People with non-O blood types at higher risk of cardiovascular diseases: Study

24 June 2017

An international study conducted earlier this year by Kole and Associates, has found that people with A, B, and AB blood types may be at greater risk of cardiovascular diseases, particularly heart attacks, as against individuals with O blood types. The study presented at European Society of Cardiology, which involved 1.3 million respondents, added that all people living with 'non-O blood groups' were at 9 per cent higher risk of cardiovascular events (and heart attacks in particular). They also had a shorter life expectancy, according to Dr Bharat Kukreti, senior consultant cardiology, Paras Hospitals, Gurgaon.

The research identified 7,71,113 individuals with a non-O blood group and 519,743 individuals with an O blood group in the meta-analysis of coronary disorders and among all people with non-O blood groups, 1.5 per cent experienced a coronary event, as against 1.4 per cent with the O blood group.

Similarly, for combined cardiovascular events, the risk associated with non-O groups was significantly higher.

Coronary heart disease (CAD), is a disorder that happens when one's heart blood supply was blocked or interrupted by a build-up of fatty substances in the coronary arteries, over time in a process known as atherosclerosis.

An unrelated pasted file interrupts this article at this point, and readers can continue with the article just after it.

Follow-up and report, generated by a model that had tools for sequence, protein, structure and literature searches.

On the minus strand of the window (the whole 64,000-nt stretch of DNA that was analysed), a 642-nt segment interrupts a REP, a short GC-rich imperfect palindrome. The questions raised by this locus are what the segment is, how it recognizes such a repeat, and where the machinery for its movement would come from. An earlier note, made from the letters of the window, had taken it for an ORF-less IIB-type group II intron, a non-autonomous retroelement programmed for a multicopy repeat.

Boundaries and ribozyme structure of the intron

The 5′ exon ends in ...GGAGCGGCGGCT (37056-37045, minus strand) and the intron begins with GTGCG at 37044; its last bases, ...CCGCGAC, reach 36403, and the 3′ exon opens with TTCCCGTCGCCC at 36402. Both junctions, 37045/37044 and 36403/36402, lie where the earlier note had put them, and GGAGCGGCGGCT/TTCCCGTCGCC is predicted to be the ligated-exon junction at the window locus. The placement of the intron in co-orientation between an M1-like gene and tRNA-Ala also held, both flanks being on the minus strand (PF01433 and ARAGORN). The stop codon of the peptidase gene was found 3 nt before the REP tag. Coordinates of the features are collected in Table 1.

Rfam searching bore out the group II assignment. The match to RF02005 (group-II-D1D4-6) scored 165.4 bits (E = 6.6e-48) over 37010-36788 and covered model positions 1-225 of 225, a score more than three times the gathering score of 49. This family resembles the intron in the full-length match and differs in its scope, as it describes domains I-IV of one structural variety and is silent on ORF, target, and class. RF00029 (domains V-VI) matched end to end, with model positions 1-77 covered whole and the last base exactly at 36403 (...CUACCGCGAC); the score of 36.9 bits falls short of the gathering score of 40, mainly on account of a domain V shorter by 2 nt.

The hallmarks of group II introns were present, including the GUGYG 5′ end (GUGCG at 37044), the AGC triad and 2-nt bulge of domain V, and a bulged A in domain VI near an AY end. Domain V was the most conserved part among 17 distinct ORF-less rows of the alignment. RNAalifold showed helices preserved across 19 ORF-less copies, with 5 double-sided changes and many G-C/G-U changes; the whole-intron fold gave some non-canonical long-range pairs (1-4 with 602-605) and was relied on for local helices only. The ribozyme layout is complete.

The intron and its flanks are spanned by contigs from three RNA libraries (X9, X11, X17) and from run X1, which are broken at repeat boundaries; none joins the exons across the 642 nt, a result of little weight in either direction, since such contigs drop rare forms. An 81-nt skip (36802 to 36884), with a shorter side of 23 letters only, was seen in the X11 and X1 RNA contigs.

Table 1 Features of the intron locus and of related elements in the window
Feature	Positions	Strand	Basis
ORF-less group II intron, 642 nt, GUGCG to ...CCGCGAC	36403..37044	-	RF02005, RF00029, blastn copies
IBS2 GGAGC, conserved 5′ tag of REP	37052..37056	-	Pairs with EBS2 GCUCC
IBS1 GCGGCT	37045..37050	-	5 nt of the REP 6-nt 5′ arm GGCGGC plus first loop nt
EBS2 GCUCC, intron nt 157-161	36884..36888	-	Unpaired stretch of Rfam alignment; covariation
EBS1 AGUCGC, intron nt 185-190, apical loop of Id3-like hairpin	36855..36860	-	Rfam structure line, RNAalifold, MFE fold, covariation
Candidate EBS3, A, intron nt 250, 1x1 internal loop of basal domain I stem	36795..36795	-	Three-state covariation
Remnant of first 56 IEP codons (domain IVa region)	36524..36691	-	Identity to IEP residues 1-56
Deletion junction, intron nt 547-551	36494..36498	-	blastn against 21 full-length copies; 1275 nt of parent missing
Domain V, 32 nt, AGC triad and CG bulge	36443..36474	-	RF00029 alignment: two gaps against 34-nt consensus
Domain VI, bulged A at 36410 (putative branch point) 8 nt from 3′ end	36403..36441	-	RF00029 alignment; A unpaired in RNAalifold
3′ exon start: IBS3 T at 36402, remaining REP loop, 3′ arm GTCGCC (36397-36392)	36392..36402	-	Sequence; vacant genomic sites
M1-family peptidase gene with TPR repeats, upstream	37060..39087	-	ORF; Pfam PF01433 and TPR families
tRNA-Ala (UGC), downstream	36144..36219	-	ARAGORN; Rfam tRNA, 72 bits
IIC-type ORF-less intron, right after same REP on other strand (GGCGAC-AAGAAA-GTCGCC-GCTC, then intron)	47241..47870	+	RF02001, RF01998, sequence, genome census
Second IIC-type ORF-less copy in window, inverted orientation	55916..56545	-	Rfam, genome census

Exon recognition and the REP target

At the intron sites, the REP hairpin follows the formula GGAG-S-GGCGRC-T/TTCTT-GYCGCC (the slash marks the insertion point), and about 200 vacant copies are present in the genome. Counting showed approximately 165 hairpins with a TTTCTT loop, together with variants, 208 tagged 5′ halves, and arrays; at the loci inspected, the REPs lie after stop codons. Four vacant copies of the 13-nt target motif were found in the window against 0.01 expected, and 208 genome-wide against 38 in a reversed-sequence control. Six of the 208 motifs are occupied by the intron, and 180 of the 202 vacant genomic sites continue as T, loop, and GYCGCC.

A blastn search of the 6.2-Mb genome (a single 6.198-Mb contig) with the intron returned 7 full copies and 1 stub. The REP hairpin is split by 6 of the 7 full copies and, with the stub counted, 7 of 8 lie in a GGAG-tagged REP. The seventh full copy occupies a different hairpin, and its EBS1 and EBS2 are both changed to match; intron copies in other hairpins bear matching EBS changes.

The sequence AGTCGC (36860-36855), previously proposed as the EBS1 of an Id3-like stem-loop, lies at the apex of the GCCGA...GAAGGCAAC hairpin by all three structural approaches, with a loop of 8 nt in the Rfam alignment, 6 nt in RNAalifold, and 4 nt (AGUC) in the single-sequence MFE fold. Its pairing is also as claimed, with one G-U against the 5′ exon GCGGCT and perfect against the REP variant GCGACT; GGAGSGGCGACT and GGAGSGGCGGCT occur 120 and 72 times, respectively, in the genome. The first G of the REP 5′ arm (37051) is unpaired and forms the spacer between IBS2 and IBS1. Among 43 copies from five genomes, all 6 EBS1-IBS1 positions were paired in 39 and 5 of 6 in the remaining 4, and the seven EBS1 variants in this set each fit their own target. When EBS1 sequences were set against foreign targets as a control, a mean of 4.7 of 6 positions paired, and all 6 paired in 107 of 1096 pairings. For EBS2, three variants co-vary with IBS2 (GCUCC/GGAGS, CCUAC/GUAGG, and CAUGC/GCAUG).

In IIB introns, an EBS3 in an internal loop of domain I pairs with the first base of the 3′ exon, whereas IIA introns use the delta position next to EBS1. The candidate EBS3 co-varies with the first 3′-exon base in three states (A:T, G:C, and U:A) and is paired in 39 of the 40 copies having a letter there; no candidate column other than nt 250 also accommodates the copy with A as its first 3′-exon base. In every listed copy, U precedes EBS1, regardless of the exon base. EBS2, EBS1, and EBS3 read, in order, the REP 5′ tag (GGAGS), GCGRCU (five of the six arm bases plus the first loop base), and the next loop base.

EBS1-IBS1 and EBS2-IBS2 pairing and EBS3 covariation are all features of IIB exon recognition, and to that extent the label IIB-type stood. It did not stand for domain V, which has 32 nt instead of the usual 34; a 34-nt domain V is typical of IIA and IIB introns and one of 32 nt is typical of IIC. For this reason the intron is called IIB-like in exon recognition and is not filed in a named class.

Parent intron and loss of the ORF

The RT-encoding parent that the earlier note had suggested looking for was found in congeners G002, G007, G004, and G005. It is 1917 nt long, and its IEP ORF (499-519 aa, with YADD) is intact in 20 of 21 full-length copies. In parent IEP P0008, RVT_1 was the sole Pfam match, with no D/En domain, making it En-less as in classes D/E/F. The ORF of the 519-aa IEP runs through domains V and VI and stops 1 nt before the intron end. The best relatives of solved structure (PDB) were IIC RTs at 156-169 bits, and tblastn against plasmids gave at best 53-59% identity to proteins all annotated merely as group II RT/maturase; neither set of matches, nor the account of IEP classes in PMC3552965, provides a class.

The fatty deposits are called atheroma. CAD is the number 1 cause of death globally: more people die annually from CADs than from any other cause.

The study's findings clearly indicated that the blood group of a person should be considered a an important risk assessment factor for prevention of heart health issues.

This was apart from the regular assessment factors such as age, sex, weight, systolic blood pressure and cholesterol levels. The reason behind this association between heart attacks and blood group, however, still remained unclear although there were several speculations ongoing.

Research conducted earlier had also found that people with A, B and AB blood have 25 per cent more Von-Willebrand gene factor, which is an important blood constituent that led to clotting.

Higher levels of the blood-clotting protein subsequently lead to a higher concentration of cholesterol among these non-O type blood groups.

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